('config', 'UA-164490479-1');
Connect with us


Canadian Legislator Cheryl Gallant Gives Red Light to Using Military Soldiers as COVID-19 Vaccine Test Subjects



A vaccine that has been developed under the supervision of the Chinese Military is now slated to begin testing on Canadian soldiers, according to Canadian Member of Parliament (MP) Cheryl Gallant, who is against the plan.

Ms. Gallant posted on her website along with a petition:

“I note with concern China is using its military personnel as test subjects for the Ad5-nCoV vaccine developed with funding from Canadian taxpayers.

Until a vaccine for Covid-19 has been approved after all phases of testing are complete, members of the Canadian Armed Forces must not be forced or coerced into having it administered.

As you know, Canada has a history of using soldiers as test subjects dating back to the First World War.

Before our serving members of the military are given any vaccine for Covid-19 , Parliament must be recalled.

A full examination of the facts through democratic debate is needed prior to any vaccine being administered to Canadians.”

News that the vaccine developed under the supervision of the Chinese military has already been approved for human testing in Canada, raises the concern that Canadian Military members will be ordered by the Trudeau government to be human guinea pigs for the new vaccine.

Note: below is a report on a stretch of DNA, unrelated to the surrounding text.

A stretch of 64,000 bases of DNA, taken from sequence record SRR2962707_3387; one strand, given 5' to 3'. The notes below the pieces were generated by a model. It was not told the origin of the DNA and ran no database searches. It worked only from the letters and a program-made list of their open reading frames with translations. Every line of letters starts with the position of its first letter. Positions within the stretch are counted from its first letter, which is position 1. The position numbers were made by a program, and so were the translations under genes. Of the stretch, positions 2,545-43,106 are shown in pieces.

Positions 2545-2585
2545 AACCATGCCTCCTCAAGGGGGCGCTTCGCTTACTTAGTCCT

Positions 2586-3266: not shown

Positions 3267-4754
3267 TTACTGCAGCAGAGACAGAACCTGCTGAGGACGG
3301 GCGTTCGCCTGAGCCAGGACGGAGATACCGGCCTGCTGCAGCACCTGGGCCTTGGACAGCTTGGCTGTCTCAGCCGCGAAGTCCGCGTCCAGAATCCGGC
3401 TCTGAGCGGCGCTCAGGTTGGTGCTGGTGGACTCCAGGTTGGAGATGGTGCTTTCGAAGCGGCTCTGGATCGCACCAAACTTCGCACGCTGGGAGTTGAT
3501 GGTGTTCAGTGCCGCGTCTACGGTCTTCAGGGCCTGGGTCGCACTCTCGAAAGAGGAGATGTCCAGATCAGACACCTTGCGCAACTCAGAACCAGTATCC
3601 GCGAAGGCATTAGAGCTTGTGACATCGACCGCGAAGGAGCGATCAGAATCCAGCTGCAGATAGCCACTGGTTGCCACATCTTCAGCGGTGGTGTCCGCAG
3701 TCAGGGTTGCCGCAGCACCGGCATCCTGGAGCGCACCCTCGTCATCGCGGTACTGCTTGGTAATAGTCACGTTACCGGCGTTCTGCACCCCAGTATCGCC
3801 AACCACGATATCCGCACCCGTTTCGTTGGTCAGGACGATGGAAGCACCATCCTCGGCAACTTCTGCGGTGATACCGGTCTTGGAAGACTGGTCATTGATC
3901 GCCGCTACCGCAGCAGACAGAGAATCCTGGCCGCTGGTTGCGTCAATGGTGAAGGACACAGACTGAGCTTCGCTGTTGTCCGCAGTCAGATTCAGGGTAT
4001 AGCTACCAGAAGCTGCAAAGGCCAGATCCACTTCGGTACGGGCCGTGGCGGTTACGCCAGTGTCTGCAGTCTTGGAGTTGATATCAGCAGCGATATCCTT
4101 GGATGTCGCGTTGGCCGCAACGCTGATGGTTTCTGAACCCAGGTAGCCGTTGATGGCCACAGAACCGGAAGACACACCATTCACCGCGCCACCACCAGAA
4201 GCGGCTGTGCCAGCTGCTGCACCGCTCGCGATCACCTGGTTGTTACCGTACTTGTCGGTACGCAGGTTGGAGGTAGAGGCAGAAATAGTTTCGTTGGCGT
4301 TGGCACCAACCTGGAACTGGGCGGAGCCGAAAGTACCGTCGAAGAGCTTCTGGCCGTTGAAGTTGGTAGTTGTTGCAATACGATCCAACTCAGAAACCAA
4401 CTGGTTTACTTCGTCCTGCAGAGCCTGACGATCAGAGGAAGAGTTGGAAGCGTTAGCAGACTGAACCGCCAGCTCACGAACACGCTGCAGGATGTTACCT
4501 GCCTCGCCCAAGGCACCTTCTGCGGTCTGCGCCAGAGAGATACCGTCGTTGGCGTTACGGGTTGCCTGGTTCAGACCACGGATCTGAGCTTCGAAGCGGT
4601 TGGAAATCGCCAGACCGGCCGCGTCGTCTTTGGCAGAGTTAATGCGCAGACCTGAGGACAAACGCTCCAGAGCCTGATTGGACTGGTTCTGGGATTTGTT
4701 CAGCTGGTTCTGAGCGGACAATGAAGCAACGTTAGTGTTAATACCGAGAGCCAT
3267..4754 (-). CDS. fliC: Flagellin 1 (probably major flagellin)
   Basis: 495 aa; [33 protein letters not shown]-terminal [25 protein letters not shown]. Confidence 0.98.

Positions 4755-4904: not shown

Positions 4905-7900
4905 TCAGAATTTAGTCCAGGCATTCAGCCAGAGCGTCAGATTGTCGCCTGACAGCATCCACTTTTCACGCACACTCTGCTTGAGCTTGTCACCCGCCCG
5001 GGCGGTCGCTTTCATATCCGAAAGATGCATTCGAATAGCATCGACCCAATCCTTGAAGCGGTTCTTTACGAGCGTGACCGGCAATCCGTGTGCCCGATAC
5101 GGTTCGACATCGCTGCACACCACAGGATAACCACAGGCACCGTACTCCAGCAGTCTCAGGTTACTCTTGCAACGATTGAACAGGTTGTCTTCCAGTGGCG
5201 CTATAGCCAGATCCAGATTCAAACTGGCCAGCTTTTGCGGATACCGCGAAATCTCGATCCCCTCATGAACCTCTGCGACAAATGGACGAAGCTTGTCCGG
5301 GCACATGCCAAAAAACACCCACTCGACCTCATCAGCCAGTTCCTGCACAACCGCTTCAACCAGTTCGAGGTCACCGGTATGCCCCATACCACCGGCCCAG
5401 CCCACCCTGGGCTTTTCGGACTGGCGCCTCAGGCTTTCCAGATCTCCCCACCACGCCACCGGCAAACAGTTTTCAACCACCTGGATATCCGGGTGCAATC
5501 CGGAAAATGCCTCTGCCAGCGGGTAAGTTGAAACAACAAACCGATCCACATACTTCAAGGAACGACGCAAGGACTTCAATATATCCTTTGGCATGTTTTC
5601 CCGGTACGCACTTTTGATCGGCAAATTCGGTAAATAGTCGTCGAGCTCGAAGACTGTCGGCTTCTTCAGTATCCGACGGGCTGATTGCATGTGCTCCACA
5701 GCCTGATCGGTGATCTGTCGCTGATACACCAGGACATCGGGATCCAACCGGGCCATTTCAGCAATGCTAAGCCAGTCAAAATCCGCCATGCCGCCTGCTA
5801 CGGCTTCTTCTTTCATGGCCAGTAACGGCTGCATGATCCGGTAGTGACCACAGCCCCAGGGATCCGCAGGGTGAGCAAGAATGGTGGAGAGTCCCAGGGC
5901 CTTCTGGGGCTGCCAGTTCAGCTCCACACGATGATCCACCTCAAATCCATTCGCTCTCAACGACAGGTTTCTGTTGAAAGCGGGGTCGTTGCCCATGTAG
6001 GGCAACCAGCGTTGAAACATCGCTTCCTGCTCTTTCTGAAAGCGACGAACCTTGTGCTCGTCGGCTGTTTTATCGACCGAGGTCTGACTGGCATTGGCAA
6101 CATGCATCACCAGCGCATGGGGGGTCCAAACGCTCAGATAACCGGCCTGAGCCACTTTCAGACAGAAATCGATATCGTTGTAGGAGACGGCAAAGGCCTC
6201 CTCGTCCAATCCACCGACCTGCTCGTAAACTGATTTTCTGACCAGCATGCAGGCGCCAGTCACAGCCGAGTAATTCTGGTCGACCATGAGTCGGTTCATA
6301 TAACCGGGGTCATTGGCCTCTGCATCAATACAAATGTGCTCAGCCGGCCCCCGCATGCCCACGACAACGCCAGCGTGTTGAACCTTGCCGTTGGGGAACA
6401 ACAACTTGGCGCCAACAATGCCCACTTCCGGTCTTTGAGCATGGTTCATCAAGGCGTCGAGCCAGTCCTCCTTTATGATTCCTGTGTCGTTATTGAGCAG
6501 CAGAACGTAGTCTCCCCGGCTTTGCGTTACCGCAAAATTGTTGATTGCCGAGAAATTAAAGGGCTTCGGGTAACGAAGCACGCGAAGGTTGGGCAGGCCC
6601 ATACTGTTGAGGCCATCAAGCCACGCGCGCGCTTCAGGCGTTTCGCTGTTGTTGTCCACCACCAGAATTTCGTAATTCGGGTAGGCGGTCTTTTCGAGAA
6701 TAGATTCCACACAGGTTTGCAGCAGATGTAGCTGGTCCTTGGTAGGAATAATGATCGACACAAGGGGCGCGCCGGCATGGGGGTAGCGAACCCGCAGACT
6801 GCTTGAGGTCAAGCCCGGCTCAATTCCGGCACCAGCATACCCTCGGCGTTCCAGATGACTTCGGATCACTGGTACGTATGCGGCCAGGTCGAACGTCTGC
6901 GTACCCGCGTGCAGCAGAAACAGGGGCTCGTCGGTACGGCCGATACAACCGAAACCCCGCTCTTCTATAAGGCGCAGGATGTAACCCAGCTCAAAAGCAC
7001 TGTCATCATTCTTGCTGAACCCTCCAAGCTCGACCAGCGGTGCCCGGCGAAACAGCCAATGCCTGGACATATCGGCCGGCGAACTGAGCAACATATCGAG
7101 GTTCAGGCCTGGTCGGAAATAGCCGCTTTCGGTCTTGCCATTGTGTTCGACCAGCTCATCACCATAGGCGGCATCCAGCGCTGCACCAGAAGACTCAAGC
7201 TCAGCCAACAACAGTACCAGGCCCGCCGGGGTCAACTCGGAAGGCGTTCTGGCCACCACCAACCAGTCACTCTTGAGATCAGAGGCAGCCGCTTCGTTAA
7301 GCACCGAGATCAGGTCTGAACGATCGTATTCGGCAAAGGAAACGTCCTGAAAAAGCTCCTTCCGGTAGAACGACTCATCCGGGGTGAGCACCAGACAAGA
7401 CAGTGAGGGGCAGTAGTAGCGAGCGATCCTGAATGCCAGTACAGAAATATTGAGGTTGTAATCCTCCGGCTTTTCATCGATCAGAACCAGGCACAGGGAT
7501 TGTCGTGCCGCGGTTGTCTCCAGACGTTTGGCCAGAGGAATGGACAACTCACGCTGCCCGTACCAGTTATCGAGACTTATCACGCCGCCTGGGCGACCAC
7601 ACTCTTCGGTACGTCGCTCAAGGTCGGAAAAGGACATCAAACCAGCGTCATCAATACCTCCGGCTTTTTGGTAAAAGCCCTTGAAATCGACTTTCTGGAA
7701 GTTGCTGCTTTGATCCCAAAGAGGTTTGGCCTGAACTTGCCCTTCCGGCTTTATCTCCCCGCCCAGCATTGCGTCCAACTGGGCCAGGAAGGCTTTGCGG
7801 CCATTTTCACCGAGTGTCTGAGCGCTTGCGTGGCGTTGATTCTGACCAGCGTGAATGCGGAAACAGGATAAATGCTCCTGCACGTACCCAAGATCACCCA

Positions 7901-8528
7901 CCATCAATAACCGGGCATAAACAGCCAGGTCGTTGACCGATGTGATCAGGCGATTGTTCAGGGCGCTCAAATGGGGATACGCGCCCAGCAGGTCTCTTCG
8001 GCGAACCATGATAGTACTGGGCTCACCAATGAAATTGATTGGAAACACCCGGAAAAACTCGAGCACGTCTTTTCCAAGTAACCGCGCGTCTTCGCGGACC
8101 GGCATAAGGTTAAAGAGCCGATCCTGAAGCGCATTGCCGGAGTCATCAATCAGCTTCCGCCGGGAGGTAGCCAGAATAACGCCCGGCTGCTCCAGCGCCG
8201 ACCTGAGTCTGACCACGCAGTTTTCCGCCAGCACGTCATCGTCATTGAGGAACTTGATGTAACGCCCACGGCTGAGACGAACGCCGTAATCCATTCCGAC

The vaccine, developed with taxpayer funding, was approved for human testing before all phases of testing are complete.

In China, the Ad5-nCoV COVID-19 vaccine has been approved for use on members of the Chinese military only. China has declined to disclose whether vaccination will be mandatory or optional.

Canadian military members should not be used as test subjects for the Ad5-nCoV vaccine given the green light for use in members of the Chinese military.

As the MP for the last home of the proud Canadian Airborne Regiment that was scapegoated by former PM Jean Chretien during the infamous “decade of darkness” era of Liberal military cutbacks, veterans in my Riding, have bad memories.

During the Canadian Airborne Regiment’s final deployment to Somalia, soldiers were administered an experimental treatment, mefloquine, which is used as an anti-malaria drug. Its use is now the subject of a lawsuit that was filed against the Canadian government in the spring of last year. Soldiers who were administered the drug report side-effects today more than 25 years after they were inoculated.

Coincidentally, other anti-malaria drugs are being tested to see if they can prevent infection with COVID-19.

Ms. Gallant is the MP for Renfrew-Nipissing-Pembroke.

Accolades to you Cheryl from the colonies.